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Auto Recyclers Spreading Awareness

Community involvement is a key strategy for many automotive recyclers.
Community involvement is a way to put a human face behind auto recycling, because we remain a misunderstood industry. What better way to relate to people than with something that’s important to the local area your business serves?

When a business is a proud community partner, the impact is larger—and so are the numbers on the fundraising side of things because it’s easier to capture media attention.

Tire Take Back has generated more than $1 million over the last seven years to support the Sunshine Foundation of Canada, which makes dreams come true for children living with severe disabilities or illnesses. Many of the dreams fulfilled by Sunshine involve visiting Walt Disney World, so Logel’s Auto Parts issued a press release in a province-wide effort to send kids to Disney by bringing in their scrapped tires. In doing so, they were able to garner media attention to both the cause and their business.

“Community involvement is important to us at Logel’s because we’ve been in business at the same location for almost 60 years,” says John Logel Jr., the Owner of Logel’s Auto Parts. “We have deep roots in Kitchener, and we believe it’s important to give back to the community that has helped us have a successful business for three generations. Plus, it gives us a chance to get our name out there and hopefully educate the public about what we do.”

Community awareness campaigns
Auto recyclers’ community involvement doesn’t stop at fundraising. Most of the members have some sort of interaction with their local first responders and supply cars for extraction and vehicle fire training.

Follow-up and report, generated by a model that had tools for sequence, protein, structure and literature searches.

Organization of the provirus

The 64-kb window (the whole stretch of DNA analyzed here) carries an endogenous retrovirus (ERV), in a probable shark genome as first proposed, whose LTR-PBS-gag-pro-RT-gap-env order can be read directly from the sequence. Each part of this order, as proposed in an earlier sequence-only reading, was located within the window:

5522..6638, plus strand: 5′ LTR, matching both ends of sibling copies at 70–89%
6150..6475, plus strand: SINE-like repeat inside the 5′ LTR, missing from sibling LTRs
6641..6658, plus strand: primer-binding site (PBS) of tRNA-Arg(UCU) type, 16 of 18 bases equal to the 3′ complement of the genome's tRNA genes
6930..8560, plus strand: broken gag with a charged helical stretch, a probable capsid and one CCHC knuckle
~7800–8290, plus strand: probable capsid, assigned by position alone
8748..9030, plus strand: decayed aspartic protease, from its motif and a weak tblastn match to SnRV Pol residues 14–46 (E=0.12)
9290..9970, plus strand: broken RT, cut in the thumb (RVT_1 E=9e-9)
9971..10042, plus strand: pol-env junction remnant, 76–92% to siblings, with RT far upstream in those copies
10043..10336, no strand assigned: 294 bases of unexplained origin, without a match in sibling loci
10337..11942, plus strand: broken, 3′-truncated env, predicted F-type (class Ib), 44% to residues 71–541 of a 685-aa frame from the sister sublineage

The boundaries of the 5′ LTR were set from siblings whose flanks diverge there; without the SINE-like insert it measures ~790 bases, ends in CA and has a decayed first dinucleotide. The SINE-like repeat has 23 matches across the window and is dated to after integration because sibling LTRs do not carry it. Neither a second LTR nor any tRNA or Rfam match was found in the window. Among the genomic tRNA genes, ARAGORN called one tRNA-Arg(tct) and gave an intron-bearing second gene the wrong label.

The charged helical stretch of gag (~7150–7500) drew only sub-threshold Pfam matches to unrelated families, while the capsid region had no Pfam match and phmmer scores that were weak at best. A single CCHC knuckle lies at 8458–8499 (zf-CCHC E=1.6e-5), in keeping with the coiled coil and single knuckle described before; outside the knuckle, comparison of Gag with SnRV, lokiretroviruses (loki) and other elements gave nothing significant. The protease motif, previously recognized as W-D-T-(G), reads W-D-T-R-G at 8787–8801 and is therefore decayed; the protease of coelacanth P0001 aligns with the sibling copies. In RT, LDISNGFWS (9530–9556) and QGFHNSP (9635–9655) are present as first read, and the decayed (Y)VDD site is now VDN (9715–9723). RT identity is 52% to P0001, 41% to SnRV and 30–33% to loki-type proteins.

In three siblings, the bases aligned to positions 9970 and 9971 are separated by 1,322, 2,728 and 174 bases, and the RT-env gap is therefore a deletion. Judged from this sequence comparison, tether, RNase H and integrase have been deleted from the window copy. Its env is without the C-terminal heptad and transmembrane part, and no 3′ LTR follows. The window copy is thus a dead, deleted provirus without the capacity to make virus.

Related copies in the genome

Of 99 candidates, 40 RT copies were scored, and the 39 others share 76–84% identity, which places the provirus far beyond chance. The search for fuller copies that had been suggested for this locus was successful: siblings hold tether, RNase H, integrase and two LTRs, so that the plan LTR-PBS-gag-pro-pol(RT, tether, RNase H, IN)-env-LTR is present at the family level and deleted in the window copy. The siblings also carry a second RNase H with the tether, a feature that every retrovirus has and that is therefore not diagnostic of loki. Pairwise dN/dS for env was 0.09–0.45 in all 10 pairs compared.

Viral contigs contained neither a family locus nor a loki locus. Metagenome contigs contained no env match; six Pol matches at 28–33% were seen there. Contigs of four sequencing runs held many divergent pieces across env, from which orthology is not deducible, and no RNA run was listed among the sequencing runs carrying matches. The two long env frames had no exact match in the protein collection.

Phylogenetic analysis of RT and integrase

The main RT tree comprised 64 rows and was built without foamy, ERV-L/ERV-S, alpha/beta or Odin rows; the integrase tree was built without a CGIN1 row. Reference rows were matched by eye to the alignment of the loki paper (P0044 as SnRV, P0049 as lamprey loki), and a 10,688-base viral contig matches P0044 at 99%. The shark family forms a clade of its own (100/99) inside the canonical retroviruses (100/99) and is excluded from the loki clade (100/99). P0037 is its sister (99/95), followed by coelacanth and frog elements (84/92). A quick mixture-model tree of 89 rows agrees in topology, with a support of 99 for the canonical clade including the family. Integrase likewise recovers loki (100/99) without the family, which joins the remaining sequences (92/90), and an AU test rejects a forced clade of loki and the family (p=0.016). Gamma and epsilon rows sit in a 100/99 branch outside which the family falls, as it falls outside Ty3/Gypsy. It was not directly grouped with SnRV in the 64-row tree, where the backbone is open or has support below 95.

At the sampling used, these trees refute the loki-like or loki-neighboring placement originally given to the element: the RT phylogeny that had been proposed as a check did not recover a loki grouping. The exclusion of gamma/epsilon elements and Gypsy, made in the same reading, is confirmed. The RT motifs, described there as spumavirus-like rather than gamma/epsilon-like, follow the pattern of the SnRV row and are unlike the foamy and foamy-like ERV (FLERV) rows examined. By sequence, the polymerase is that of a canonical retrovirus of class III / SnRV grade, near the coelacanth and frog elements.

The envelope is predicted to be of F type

Many also have partnerships with organizations like MADD, and will donate a wrecked car to be placed in front of the local school around prom night with signage on the dangers of drinking and driving.

Thorold Auto Parts in Niagara has done a lot of work on texting and driving awareness, too. Thorold placed a wrecked car out front with a sign indicating this is what can happen when you text and drive. This project has now morphed into a full marketing program. It’s just a great opportunity to talk to the media about what auto recyclers are about.

Taking it to social media
Our role as the association is to support those members who understand that you need to have a community profile and fresh content. If one recycler is doing something anywhere in Canada with a community angle, we’re pushing it out to our members via social channels like Facebook and Twitter.

More of the members understand this, and they’re looking to the association for a flow of fresh content. We always say we want you to be the go-to auto recycler in your community. We don’t want people to like OARA’s


Facebook page, we want them to like your Facebook page, so reuse our content to keep things fresh. That’s a part of what we’re trying to do from a strategic perspective.

We want to show everyone that this is easy stuff—if you’re not already doing it, then do it, and if you’re already doing it, then capture it and tell people about it.

Collision Management July 2017

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